Soldiers build furniture to raise funds for Bohol, Zamboanga City
MANILA, Philippines — Using fallen trees, these government troopers have found a way to help residents of Zamboanga City and Bohol province rise from the recent man-made and natural calamities that devastated their communities.
Soldiers belonging to the Northern Luzon Command (Nolcom) have momentarily traded their guns for chisels and mallets to make furniture out of hardwood trees, which were uprooted inside their two main camps when Typhoon “Santi” wrought havoc in Central and Northern Luzon in October.
Maj. Gen. Gregorio Catapang, Nolcom commander, said on Sunday, the soldiers initiated the project, dubbed “Bagsak Presyo Sale, Help for Zambo and Bohol,” to help raise funds for the victims of the Moro rebels siege in Zamboanga and the deadly 7.2-magnitude earthquake that shook Bohol.
He noted that his men thought of the project despite them being victims, too, of the typhoon, which left 15 people dead and affected close to 1 million people in Central and Northern Luzon, Cordillera, Mimaropa and Bicol regions.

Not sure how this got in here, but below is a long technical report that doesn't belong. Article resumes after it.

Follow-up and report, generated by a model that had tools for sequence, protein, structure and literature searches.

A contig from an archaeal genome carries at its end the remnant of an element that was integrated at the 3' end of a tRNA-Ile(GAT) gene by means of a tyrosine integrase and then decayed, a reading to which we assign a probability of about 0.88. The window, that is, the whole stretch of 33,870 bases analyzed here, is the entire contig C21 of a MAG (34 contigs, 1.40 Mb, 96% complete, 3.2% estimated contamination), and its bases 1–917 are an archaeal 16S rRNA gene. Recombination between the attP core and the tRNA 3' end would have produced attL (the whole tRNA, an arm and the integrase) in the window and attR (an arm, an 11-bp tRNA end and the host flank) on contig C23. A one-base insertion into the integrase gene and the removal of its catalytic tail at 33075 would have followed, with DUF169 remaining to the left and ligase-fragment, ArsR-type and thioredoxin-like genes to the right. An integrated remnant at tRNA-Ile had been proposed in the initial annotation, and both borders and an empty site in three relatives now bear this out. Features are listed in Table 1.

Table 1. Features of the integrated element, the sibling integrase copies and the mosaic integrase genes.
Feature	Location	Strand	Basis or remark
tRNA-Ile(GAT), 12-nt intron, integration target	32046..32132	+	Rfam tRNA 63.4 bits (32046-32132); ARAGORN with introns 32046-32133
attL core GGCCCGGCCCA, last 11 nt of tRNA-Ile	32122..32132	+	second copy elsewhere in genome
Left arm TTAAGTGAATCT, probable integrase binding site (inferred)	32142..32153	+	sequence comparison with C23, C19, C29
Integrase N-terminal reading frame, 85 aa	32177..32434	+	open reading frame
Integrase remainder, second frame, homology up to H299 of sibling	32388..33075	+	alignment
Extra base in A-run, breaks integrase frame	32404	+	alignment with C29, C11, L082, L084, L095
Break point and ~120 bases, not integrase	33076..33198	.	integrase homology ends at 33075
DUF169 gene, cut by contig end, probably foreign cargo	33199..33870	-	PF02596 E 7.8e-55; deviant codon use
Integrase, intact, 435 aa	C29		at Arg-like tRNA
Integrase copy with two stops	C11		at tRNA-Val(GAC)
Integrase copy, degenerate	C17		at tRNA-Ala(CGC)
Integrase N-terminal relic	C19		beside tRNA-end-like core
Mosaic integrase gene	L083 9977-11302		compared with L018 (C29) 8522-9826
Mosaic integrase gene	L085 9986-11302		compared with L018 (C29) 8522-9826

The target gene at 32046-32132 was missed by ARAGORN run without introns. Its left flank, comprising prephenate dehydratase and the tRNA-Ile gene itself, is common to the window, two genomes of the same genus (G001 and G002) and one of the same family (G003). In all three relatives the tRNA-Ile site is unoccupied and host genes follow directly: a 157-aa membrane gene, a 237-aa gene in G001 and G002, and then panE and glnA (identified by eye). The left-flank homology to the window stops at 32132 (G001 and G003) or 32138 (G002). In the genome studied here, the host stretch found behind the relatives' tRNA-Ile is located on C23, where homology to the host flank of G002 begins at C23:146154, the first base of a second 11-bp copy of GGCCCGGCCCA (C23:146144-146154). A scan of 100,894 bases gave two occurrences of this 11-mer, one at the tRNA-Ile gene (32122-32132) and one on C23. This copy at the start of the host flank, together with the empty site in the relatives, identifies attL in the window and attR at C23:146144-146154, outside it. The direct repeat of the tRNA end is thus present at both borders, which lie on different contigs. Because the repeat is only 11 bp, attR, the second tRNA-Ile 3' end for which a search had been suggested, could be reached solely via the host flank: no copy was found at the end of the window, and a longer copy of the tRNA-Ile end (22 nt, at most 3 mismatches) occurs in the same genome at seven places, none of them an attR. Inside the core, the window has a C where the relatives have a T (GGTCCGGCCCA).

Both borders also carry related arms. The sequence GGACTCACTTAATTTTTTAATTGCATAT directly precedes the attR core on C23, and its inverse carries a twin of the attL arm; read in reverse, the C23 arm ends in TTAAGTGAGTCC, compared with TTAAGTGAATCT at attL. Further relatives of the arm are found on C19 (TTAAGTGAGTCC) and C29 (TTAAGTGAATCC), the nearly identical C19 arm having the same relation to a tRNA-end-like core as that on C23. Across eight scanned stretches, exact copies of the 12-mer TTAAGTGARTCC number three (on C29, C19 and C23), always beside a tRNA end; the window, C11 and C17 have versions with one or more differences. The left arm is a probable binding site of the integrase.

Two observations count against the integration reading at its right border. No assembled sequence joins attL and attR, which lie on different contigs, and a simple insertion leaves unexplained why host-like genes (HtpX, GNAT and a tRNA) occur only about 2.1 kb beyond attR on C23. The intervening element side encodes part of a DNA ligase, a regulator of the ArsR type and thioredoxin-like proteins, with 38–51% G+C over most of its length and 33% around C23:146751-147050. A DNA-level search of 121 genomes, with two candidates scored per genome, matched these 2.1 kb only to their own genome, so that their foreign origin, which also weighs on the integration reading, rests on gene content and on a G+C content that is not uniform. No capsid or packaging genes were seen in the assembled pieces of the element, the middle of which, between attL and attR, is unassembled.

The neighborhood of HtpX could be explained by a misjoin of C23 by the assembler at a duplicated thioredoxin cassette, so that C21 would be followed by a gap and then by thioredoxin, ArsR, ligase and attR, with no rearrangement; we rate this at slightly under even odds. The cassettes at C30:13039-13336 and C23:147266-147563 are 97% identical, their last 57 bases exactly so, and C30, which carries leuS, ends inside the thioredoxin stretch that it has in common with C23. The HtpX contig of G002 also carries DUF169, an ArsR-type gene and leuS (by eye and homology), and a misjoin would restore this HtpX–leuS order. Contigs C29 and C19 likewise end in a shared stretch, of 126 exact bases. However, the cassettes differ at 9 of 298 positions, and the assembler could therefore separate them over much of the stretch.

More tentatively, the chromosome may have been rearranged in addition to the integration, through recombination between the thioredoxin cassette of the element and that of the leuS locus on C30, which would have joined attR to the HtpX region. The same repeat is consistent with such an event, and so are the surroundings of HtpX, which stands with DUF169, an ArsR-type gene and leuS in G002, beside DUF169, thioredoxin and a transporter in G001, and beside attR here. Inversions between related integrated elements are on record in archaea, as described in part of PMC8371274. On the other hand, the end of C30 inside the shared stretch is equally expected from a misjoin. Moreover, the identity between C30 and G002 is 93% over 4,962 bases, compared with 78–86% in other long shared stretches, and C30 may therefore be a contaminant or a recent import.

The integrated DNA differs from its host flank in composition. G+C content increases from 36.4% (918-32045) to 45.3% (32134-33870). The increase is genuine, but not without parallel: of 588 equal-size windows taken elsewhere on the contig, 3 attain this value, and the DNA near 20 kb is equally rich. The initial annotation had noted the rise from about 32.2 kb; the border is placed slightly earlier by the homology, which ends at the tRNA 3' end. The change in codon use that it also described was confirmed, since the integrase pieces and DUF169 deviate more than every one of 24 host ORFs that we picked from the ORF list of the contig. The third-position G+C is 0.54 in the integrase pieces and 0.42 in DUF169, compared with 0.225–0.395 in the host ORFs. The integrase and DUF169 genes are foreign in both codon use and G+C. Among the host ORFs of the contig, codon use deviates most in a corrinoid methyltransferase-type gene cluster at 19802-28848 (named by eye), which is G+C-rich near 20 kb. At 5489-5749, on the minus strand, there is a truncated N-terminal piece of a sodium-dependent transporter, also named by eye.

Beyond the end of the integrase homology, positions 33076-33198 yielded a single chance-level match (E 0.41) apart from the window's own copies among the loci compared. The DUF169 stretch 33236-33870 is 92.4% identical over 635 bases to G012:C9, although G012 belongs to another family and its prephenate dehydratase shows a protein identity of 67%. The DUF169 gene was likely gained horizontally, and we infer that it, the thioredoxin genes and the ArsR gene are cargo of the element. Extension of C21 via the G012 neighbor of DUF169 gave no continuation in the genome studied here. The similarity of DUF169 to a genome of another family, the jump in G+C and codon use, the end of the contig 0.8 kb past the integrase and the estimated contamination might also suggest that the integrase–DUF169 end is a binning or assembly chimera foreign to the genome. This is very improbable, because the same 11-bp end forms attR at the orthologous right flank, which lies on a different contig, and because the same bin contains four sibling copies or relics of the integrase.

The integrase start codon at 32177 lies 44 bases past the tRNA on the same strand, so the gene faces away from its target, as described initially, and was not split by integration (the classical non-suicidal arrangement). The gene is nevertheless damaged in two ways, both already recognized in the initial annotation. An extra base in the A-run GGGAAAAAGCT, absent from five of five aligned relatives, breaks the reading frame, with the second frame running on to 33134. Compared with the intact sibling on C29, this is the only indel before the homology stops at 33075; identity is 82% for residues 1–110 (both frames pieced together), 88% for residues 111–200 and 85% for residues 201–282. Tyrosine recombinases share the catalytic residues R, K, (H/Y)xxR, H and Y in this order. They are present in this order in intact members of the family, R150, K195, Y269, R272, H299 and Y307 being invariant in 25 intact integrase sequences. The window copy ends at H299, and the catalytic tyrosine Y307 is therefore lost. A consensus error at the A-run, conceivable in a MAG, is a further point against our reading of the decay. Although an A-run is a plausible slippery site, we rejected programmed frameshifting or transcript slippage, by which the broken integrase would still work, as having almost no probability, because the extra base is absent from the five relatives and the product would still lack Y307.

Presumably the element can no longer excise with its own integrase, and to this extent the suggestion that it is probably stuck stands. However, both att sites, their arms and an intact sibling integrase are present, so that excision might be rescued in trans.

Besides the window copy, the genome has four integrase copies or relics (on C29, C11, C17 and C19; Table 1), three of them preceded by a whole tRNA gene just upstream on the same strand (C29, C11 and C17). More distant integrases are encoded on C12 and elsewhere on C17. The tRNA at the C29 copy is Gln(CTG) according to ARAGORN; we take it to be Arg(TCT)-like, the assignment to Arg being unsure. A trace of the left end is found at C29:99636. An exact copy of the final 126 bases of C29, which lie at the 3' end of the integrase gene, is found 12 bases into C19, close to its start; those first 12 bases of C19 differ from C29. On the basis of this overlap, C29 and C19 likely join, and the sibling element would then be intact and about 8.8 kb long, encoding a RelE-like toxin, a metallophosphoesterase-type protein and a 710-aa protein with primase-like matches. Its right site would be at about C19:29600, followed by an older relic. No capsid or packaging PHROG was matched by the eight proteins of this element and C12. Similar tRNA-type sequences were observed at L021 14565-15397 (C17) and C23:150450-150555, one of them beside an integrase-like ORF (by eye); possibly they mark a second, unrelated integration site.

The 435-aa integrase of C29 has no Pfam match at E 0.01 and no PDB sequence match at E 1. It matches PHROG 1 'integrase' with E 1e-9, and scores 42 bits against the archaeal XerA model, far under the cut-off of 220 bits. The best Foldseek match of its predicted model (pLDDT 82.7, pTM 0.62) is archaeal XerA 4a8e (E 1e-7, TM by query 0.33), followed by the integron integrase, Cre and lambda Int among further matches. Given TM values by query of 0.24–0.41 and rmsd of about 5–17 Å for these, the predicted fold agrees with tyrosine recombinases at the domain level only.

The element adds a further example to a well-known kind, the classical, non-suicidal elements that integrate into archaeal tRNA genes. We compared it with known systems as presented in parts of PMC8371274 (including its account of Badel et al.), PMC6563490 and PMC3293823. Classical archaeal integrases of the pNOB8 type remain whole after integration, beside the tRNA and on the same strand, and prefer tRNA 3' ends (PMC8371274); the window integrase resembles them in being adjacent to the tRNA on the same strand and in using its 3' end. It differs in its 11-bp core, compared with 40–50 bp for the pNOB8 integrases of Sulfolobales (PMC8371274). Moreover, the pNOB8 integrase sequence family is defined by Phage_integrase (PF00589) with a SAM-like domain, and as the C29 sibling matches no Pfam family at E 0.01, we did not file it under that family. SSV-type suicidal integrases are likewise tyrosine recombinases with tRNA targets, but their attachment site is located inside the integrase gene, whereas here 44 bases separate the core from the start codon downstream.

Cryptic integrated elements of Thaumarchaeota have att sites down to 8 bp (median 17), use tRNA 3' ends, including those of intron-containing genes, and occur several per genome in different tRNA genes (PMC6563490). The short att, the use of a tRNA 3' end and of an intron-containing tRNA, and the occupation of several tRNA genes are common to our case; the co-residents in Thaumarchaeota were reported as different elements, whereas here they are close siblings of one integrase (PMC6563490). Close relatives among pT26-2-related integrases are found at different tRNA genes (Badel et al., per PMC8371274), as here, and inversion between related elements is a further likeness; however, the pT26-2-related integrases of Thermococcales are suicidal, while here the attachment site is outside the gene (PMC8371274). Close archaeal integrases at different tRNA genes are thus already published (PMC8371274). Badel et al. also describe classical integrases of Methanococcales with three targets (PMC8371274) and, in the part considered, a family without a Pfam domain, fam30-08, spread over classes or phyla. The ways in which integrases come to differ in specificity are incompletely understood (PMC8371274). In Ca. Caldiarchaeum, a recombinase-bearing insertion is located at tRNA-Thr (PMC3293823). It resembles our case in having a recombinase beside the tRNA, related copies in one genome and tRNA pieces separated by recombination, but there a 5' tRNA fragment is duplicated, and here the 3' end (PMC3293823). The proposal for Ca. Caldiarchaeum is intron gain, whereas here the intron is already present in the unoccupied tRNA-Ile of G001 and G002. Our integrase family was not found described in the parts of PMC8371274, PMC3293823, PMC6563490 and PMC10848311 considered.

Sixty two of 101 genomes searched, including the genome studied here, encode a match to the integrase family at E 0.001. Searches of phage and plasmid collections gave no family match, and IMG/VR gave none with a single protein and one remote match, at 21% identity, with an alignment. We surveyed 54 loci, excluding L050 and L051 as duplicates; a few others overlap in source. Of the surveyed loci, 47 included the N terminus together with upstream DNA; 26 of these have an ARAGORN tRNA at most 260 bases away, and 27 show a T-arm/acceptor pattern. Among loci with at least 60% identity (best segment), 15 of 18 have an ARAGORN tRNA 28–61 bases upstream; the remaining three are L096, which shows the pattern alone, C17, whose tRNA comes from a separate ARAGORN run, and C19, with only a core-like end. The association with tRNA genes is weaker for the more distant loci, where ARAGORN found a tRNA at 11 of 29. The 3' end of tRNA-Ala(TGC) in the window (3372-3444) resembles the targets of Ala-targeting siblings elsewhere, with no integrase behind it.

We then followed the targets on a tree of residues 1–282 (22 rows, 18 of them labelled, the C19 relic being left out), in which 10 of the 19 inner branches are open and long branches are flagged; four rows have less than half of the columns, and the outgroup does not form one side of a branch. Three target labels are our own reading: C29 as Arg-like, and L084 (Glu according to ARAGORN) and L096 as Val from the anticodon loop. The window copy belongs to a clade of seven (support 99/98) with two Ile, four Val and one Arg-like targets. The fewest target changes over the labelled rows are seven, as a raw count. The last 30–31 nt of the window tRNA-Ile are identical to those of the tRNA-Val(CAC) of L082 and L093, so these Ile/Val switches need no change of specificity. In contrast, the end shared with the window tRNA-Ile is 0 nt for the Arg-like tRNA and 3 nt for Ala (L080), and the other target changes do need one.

Santi also destroyed P46 million worth of military structures and equipment in Camp Servillano Aquino in Tarlac City and in Fort Magsaysay in Nueva Ecija, the official said.
“(The project) is intended to show solidarity among us who have been equally devastated by natural and man-made disasters,” Catapang said in an emailed statement.
“Let us all unite to fight and survive climate change. Let us all unite to abhor and stop violence that usually affects more the innocent and non-combatants,” he added.
Although Santi felled hundreds of hardwood trees, including decades-old mahogany and acacia trees, inside the two military camps, Catapang said it also gave them an opportunity to help victims of other calamities.
He said Nolcom personnel pledged to complete 1,000 sets of furniture such as sala sets, dining tables, cabinets and TV racks in the second week of December.
They would then sell the wooden fixtures to the public on Dec. 16 in Camp Servillano Aquino, an Army camp named in honor of President Aquino’s grandfather.
“(The furniture) will be sold to help in the rebuilding of Zamboanga City, (which was) devastated by the bloody attack of (Moro rebels) in September, and of Bohol, where most buildings and houses, including historic structures, were damaged,” he said.
Catapang said the proceeds of the project would then be donated equally to Zamboanga and Bohol villages early next year.
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